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Hindsight Advice for Building a Strong Med School Application

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A premed student working on his med school application, sitting in front of a laptop.

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Ready for the understatement of the year? Medical school is tough to get into. The Med School application process is no joke.

 

Look, the unfortunate truth is that getting good grades and smoking the MCAT won’t automatically get you one of those coveted medical school acceptances. It’ll help, but it seems like everybody knows “that one applicant” who had incredible stats but still didn’t get in. Why is this?

 

Medical schools and adcoms are trying to build out a cohort of individuals. Not stack their ranks with rigid test-taking automatons—not yet at least. Admissions committees are looking for the ideal applicant. Not the ideal med school application. The difference is subtle but important. Once you cross the minimum threshold each school arbitrarily has in mind to screen out applicants, they’re no longer comparing MCAT prowess. They’re looking at the rest of your application to see what kind of colleague you will be, what kind of doctor you will be, and how you will treat your patients. And this is found in the rest of your application.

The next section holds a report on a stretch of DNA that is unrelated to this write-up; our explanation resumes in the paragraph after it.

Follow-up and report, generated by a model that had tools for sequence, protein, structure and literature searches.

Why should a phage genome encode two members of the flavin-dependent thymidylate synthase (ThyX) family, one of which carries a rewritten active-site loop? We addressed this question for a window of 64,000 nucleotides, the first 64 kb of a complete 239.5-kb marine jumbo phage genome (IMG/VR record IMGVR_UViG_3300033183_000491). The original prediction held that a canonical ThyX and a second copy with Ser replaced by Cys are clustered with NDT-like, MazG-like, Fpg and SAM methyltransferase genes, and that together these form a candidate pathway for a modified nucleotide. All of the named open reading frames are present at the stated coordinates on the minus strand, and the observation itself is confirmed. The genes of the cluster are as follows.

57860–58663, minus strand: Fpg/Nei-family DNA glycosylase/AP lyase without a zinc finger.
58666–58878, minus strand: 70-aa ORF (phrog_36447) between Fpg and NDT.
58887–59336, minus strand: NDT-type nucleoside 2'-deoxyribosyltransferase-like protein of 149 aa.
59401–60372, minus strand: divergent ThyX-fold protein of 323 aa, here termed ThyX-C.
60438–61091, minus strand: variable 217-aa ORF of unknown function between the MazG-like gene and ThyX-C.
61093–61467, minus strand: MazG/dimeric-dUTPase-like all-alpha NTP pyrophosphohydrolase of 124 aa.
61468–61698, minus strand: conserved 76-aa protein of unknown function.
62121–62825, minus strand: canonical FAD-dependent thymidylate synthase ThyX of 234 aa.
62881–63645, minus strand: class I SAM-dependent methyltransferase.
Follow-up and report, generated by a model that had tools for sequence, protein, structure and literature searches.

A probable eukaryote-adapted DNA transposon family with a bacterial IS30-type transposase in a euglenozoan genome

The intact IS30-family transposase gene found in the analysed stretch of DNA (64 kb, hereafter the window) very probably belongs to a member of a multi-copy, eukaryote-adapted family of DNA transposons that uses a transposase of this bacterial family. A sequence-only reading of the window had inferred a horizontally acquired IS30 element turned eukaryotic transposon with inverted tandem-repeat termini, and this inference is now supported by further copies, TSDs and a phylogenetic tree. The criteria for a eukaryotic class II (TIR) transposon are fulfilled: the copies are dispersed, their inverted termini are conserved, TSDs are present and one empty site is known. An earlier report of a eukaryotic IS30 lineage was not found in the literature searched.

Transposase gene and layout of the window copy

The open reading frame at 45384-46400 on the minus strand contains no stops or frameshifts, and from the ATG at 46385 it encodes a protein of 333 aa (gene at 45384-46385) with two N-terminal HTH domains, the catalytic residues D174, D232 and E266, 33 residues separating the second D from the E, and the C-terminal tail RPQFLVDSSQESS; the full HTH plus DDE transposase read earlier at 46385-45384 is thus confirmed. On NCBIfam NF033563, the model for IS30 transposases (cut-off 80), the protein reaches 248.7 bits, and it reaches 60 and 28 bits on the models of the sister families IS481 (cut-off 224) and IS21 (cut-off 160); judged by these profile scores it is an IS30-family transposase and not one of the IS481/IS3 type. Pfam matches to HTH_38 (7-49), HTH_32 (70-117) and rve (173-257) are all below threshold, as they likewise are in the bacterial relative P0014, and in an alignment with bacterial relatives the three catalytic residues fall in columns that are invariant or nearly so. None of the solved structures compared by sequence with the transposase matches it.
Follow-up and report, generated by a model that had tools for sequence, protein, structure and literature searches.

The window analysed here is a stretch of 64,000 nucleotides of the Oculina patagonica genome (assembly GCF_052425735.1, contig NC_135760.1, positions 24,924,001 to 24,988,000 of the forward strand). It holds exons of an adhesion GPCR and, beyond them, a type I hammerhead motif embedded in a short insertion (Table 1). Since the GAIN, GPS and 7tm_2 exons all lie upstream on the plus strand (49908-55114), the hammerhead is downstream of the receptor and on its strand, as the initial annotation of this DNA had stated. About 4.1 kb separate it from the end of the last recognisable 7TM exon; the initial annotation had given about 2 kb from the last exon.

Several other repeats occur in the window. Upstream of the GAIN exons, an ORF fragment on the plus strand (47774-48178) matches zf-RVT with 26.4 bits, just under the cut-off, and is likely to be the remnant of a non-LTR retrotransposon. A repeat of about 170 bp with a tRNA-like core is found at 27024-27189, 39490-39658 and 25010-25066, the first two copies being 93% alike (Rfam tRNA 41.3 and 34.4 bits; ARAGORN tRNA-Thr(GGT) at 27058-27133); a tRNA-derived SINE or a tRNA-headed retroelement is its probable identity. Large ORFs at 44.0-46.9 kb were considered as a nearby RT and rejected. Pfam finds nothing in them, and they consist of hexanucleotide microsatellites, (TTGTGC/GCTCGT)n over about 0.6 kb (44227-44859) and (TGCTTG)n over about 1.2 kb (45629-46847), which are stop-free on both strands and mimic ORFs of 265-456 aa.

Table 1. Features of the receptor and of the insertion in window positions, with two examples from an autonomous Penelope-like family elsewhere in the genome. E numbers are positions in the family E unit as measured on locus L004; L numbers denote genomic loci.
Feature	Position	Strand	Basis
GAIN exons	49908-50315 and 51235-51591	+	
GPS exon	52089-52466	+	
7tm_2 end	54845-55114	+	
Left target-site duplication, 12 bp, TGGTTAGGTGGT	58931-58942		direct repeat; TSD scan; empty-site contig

It should give hope to those of us who aren’t likely to find ourselves in Summa cum laude territory. We make it into medical school by showing adcoms that we can handle the rigors of medical school, but bring more to the table than just our gigantic brains.

 

 

Clinical Experience

 

What you want your clinical experiences to say about you is that you have had enough exposure to medicine know what it’s like to be a healthcare provider. You ought to be able to speak intelligently about healthcare and understand the physician’s role on the team. You can accomplish this through shadowing, working within healthcare, volunteering in clinics or hospitals, or getting involved with clinical research.

 

This can be challenging. All of these things are easier to set up if you have contacts within medicine. Before medical school, the only doctor I knew personally was Dr. Pepper.

 

After experiencing a sobering dose of rejection trying to volunteer and shadow within my college town—along with every other doctor wannabe—I ventured out into the surrounding areas. I volunteered at a small community hospital that was closer to my wife’s hometown. I was able to volunteer in the physical therapy department assisting with both clinical and non-clinical activities. This allowed me to build relationships with the physical therapists and they introduced me to orthopedic surgeons who were happy to have me shadow them. I also met many primary care physicians who invited me to come see patients with them in their clinics and in the hospital. Over the course of a 7-week summer break, I spent considerable time in the hospital and gained valuable patient care experiences. Experiences I could definitely use in my personal statement.